I have the luxury of time. Instructions from the professionals were to run the metal comb through everyone’s wet hair every day for one week. To do so, everyone’s hair had to be doused with conditioner. Then, everyone’s hair had to be rinsed. Next, towels had to be washed and dried. Between each “patient,” the comb had to be sterilized in four-parts water/one-part ammonia. Repeat. I didn’t leave my house for several days.

I have perspective. A week later, we were directed to cover our heads in Crisco (a.k.a. vegetable shorting) for six hours to suffocate any remaining eggs that might hatch and then use dish detergent to counteract the grease. Or, we could return to the professionals for follow-up, which entailed two dry and two wet comb treatments for half of the original cost. I thought long and hard about how we would handle having our heads soaked in lard for six hours and chose the latter.

During our follow-up, which was no walk the park because that metal comb was no fucking joke, there was a lot of crying and screaming coming from the room across the hall. I assumed there was a “threenager” or “fournado” in there who was pissed about the unexpected pit stop.

Eventually, the woman combing through our hair apologized for the commotion. I assured her no apology was necessary. I pointed to my boys who took turns giving me the stank face for ruining their afternoon. “I get it.”

She apologized again. “The little girl in there is deaf and has autism.”

I remembered how my boys would sob and shriek during haircuts when they were toddlers. SPD made the simple act of trimming their hair – among other grooming practices – dreadful. All those years ago, dealing with lice would’ve been impossible.

Now, as they got deloused for the second time in a week, they were unhappy but compliant. They knew what to expect and what was expected of them, and they had the skills to cope physically and emotionally. In fact, although they still disliked haircuts, I predicted they would thank me for the next one after this clusterfuck.

Lice is gross. It’s expensive. It’s time-consuming. It’s inconvenient. It’s exhausting. It’s all of these things and more, but mostly, it’s invasive. For the little girl with severe special needs across the hall, it was painful, nightmarish, and traumatic.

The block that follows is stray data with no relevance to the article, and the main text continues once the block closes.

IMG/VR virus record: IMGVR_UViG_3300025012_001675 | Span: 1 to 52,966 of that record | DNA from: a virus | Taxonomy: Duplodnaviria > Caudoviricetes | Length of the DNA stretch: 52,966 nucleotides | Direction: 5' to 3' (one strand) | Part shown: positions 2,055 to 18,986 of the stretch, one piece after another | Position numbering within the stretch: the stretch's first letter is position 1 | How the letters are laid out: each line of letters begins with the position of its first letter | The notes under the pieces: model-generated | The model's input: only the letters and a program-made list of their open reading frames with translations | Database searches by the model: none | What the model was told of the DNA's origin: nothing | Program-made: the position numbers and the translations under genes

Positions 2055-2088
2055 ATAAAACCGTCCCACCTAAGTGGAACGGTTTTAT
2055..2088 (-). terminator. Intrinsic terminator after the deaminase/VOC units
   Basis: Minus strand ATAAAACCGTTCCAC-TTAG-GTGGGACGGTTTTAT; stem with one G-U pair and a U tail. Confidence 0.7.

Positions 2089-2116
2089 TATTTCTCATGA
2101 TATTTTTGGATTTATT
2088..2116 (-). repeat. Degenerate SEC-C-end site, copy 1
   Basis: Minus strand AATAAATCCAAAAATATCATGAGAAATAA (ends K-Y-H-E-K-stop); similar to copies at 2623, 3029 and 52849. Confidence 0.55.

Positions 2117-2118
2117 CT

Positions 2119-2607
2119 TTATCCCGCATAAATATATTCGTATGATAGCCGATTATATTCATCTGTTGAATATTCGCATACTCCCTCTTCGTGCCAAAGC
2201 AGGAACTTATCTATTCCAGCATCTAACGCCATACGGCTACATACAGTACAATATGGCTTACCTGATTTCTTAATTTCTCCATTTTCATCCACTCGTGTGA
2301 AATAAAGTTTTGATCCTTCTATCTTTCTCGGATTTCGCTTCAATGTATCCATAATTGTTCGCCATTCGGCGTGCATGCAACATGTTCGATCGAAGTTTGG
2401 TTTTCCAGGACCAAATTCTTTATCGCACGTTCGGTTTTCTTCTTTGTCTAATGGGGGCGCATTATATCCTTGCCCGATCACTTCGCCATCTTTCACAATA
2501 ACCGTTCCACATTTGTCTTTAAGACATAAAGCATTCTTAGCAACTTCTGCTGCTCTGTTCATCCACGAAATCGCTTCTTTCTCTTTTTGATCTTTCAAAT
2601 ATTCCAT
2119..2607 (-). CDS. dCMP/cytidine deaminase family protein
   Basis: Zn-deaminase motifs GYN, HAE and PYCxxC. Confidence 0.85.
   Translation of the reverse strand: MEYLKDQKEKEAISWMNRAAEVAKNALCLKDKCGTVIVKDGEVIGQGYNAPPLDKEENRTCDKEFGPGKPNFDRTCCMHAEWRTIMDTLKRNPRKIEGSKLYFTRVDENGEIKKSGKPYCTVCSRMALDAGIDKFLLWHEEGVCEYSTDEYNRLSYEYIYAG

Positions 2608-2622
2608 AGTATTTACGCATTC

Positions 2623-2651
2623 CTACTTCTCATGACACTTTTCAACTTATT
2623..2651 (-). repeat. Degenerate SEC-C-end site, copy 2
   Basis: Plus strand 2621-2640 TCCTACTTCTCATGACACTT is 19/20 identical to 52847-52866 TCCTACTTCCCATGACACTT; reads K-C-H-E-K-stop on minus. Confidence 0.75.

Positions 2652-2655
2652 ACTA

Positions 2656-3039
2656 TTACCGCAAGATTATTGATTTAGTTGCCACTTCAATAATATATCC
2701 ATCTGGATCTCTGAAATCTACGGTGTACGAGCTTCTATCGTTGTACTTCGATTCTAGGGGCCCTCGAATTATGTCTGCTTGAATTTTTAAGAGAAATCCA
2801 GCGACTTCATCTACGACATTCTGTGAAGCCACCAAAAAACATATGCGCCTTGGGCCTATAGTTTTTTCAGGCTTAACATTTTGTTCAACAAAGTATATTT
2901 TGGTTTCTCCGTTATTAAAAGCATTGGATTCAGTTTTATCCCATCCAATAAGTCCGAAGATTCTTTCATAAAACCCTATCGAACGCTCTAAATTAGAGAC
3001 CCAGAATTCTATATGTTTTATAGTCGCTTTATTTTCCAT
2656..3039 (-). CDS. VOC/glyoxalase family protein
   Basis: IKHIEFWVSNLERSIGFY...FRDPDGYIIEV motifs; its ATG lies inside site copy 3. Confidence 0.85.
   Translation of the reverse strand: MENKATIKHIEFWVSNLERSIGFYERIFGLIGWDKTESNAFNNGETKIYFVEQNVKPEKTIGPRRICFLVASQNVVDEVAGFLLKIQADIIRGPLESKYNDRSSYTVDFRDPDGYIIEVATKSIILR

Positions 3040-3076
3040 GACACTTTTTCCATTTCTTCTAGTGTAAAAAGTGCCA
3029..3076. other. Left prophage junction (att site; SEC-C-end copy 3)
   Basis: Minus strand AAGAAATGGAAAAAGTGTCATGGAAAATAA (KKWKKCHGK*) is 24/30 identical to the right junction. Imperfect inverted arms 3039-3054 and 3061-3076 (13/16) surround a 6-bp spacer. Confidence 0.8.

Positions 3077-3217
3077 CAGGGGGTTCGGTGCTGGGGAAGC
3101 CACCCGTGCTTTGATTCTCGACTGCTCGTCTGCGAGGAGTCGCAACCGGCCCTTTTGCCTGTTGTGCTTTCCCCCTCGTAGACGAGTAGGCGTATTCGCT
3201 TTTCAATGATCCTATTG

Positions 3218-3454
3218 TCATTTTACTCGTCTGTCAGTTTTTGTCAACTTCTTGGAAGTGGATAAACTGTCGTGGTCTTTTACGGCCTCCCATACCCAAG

We got lice. I’m grateful because as big of a deal as it was, it was no big deal at all.

That said, I’d be eternally thankful if It never happened again.


Filed under gratitude, lice

When My Kids Wanted to Drink Soda, I Said Yes


I have two children with sensory processing differences. Both are picky eaters. Both are sensory picky eaters. One is a severe sensory picky eater. Certain tastes, textures, and smells are deal breakers. Entire food groups are off the table.

Mealtime at home is tricky. Elsewhere – at school, camp, birthday parties, sleepovers, and vacations – it’s grueling. I am that mom and my kids are those kids, and it breaks my heart.

They’ll grow out of it.

I hear this a lot. Sometimes, it’s from well-meaning people who don’t know what else to say. Other times, it’s from parents who have stood in my uncomfortable shoes. I hold on to their optimism as my kids quickly approach the upper age limit on children’s menu items and gain more independence in their social lives.

I do my best to make sure my kids eat as healthy as possible within their limitations, and I encourage (but not force) them to explore new foods whenever possible. I say yes to whatever they want to try because I never want them to say no out of fear, and I’m not just talking about food.